The moment I saw the green dress on Shingo Sato’s website I felt the excitement to try to copy that dress using “Transformational Reconstruction” (aka design on 3D)
See the previous post Shingo Sato Designer
At the end of last year 2010 I was invited to make a garment as part of the Dutch tailors catwalk show for the International Master Tailor Conference which would take place in Rome Italy in August 2011. So now I found the opportunity to make such a dress.
My model who would show the dress in Rome, lives in Amsterdam while I live 200 km away so I was happy with my dress-form, although my model has a more nicely curved body.
I found the right fabric for the dress (“Balestra” which is a high-end quality 100% polyester satin back crepe fabric and both sides can be used since it has a matt and a shiny side. This fabric is often used for evening and bridal wear.
And I bought a cheap satin back crepe in purple for my test dress.
I drafted a basic dress and my adventure started.
After fitting the basic dress I could start with the design. But since I am not used to draw (permanent) lines onto a 3D form, I started with pinning wool yarn threads instead. The advantages of using wool yarn threads above the permanent pen lines are obvious.
The wool yarn threads could be rearranged easy without having multiple lines on my basic dress that could make it difficult to see the final result.
When I was satisfied with the design lines on the dress-form, and it really helps if you stand away and take another look. (The perspective is different from viewing in front of it like an arm length away).
(I also used “Paint” to highlight the shiny parts on the pictures on the computer) and I traced the wool yarn lines with a pen.
Putting the dress on my ironing board I was able to smooth out the design lines with a curved ruler and marked the reference points. After cutting out the pattern I placed the pattern pieces on the purple fabric matt side and some parts on the shiny side.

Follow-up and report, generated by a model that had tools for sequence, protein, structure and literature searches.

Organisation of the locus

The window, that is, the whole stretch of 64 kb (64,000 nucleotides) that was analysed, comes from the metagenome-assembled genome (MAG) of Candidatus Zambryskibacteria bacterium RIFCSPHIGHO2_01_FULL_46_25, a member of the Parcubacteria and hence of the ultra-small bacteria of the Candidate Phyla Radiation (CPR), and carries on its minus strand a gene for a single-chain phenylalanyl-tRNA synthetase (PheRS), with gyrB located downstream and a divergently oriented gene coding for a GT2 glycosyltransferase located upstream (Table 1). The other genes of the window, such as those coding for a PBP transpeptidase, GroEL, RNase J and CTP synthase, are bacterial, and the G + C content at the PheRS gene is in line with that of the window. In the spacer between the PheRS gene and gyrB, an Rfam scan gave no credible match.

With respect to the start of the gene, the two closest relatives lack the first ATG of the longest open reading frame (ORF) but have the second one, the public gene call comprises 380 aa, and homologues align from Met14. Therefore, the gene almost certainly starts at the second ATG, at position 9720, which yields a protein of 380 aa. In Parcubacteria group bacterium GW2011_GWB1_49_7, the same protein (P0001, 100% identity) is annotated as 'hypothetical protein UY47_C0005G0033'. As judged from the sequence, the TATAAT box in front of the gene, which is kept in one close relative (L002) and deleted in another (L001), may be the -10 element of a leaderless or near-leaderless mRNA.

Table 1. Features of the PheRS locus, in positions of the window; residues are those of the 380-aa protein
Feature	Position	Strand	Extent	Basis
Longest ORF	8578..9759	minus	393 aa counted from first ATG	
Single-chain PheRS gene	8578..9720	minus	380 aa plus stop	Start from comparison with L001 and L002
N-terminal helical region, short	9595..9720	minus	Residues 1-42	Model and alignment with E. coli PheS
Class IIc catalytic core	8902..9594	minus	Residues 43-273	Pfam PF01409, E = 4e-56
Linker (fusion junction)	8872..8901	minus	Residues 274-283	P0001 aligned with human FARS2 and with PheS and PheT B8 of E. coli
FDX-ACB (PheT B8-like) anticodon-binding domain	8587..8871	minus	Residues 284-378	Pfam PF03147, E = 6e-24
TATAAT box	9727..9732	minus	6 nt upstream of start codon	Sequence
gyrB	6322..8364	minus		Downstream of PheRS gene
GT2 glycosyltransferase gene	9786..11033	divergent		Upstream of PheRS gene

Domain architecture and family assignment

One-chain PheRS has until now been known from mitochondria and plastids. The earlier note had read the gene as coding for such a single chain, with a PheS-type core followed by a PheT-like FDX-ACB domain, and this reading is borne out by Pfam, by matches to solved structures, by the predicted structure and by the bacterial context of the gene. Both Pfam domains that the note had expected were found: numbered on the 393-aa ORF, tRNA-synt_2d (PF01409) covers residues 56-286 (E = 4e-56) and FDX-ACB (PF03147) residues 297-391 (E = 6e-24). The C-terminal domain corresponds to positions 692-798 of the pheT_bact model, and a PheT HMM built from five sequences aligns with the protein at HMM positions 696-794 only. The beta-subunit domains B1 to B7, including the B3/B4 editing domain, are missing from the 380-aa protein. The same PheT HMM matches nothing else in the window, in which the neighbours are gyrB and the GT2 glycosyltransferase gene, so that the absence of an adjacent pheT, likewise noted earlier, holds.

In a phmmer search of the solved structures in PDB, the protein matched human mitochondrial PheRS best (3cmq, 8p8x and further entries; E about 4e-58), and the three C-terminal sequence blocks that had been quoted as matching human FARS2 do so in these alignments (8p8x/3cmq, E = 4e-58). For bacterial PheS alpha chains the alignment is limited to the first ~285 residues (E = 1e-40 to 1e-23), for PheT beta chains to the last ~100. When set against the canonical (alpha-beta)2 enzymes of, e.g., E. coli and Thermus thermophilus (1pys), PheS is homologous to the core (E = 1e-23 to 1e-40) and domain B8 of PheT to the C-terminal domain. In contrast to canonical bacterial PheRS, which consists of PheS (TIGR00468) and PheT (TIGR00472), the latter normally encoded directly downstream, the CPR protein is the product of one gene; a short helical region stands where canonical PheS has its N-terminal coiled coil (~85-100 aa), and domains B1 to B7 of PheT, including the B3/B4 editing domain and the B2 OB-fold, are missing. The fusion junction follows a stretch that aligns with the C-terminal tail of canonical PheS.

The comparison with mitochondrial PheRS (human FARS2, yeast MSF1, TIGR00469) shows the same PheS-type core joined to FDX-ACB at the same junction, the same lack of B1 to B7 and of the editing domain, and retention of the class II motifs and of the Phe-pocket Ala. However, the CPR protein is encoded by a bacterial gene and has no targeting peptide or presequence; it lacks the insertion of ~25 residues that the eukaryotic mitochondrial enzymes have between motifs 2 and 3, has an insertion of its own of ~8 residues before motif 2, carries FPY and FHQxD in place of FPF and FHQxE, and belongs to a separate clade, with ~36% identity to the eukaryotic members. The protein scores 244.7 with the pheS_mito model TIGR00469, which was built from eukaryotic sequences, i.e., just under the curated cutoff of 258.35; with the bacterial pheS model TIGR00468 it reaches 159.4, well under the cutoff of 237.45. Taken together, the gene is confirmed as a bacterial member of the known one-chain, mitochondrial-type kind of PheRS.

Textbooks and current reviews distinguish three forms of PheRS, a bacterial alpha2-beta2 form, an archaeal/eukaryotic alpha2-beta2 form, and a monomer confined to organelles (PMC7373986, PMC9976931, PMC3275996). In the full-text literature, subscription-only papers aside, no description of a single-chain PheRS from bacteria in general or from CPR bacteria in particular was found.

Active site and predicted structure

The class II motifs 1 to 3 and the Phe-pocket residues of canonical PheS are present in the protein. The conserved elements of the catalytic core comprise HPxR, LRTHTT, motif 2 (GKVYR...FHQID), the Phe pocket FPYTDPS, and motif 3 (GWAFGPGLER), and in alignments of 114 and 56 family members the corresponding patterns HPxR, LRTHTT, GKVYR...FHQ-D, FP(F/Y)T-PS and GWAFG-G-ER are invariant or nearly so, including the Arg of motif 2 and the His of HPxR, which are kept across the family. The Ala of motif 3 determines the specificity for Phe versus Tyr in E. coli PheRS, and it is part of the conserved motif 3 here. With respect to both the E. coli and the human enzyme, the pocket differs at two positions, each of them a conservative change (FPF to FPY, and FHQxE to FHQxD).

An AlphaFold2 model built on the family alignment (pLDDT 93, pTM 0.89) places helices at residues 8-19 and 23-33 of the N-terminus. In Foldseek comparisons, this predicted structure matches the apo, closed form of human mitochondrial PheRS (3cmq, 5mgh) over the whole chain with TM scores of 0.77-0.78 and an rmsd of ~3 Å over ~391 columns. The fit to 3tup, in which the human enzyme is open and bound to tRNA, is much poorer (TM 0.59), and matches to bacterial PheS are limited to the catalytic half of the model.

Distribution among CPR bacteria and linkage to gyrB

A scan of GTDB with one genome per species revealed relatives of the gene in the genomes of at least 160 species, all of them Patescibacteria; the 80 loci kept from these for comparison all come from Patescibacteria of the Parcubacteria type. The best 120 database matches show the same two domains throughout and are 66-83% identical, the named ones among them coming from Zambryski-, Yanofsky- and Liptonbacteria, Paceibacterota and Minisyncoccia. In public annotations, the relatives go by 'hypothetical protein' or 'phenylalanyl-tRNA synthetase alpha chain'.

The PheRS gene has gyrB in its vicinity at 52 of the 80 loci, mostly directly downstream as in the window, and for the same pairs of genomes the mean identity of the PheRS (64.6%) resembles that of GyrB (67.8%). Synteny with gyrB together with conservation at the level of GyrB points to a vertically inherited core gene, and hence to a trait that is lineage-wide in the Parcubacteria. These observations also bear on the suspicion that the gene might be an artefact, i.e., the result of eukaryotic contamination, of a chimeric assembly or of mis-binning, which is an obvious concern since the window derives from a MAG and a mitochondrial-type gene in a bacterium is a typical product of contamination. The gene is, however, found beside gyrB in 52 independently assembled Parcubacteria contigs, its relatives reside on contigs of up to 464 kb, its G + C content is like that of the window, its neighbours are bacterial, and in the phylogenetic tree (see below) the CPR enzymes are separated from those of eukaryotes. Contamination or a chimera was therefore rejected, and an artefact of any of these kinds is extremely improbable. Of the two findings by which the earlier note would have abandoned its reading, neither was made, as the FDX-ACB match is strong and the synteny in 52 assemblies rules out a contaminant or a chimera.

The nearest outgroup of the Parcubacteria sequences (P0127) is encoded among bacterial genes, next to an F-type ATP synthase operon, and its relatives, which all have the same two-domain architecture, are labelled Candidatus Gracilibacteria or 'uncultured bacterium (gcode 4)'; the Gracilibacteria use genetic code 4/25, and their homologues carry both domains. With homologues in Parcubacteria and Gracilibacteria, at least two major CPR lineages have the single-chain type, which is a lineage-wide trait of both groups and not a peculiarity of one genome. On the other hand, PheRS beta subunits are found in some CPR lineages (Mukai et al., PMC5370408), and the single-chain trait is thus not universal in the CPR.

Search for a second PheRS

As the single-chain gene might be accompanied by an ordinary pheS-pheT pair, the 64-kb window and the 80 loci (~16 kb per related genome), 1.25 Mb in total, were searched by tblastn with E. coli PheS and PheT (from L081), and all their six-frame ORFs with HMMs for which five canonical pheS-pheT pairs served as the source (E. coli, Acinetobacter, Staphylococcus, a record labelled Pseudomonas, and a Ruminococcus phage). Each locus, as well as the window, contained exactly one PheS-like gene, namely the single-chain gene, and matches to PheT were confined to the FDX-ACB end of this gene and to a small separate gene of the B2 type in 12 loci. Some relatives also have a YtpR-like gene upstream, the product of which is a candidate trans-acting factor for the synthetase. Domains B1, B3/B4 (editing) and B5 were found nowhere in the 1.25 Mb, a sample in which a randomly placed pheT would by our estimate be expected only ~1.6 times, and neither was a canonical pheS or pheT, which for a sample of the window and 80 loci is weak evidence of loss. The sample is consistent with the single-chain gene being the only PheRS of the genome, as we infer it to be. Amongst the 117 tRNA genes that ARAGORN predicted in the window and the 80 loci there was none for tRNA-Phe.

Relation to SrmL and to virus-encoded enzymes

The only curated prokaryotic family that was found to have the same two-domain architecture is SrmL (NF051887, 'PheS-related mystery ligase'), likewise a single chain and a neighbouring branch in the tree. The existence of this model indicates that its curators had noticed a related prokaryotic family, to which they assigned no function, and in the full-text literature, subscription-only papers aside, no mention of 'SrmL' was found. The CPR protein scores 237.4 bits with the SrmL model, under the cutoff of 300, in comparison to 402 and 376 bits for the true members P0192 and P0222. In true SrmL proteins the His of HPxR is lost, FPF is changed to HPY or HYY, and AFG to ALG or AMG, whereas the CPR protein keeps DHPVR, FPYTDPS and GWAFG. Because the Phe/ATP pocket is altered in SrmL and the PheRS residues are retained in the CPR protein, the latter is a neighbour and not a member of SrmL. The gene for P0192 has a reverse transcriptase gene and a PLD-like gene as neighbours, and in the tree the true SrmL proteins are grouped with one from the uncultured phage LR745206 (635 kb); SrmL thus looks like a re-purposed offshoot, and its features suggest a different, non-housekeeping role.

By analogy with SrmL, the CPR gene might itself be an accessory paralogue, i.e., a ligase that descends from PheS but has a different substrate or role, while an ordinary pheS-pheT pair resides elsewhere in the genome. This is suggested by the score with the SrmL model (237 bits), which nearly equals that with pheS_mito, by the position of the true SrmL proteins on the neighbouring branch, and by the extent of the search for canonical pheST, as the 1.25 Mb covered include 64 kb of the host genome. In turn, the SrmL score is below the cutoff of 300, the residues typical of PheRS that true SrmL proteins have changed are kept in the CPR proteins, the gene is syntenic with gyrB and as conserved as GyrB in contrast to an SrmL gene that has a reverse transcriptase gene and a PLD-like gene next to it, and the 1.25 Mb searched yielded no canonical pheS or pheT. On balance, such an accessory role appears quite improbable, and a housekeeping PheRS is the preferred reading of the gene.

Since this one would be my test dress, I could use a tracing wheel and tracing paper to mark the seam lines and reference points. I used 1 cm seam allowances.
Detail view of one of the cutout shiny parts where you can see the reference marks, side seam mark:
The new dress design has design lines which are not corresponding at the end points of the darts so learning how to deal with that the video easing and forming was helpful.
During the next fitting I was not really pleased with the design lines; moreover, the dress was too tight, probably caused by the shape of the pattern parts (some are cut at the bias due to their shapes).
So I marked some new design line points and started with a new drafted dress pattern but now with more wearing ease that would vanish into the design.
The second test dress was better in the fitting but needed some rearranging of the design lines which I could do at home using my dress -form.
The blue lines are the permanent lines which I used for the final dress in blue.
pattern parts matte side : pattern parts shiny sides:
I was pleased with the final outcome on the dress -form Vanished extra wearing ease test dress versus final dress
Unfortunately when my model was trying the dress for the last time, some wrinkles appeared due to the bias cut pattern parts.
Obviously the purple fabric was a bit heavier than the blue fabric which I should have known but did not recognize in time. Otherwise I should have fused all the pattern parts with a thin fusible interfacing to prevent the wrinkles due to all the curved lines.
But it was too late to make a new dress since the dress was going to Rome in 3 days.
Well lesson learned for the next time.
It was an experiment and a lot of work but I liked the new take on designing the dress on 3D and I enjoyed making this dress a lot.
So thank you Shingo Sato for being an inspiration in my process to make a dress using this TR designing technique.
The picture of my model on the catwalk at Piazza Campidoglio in Rome Italy August 9 2011.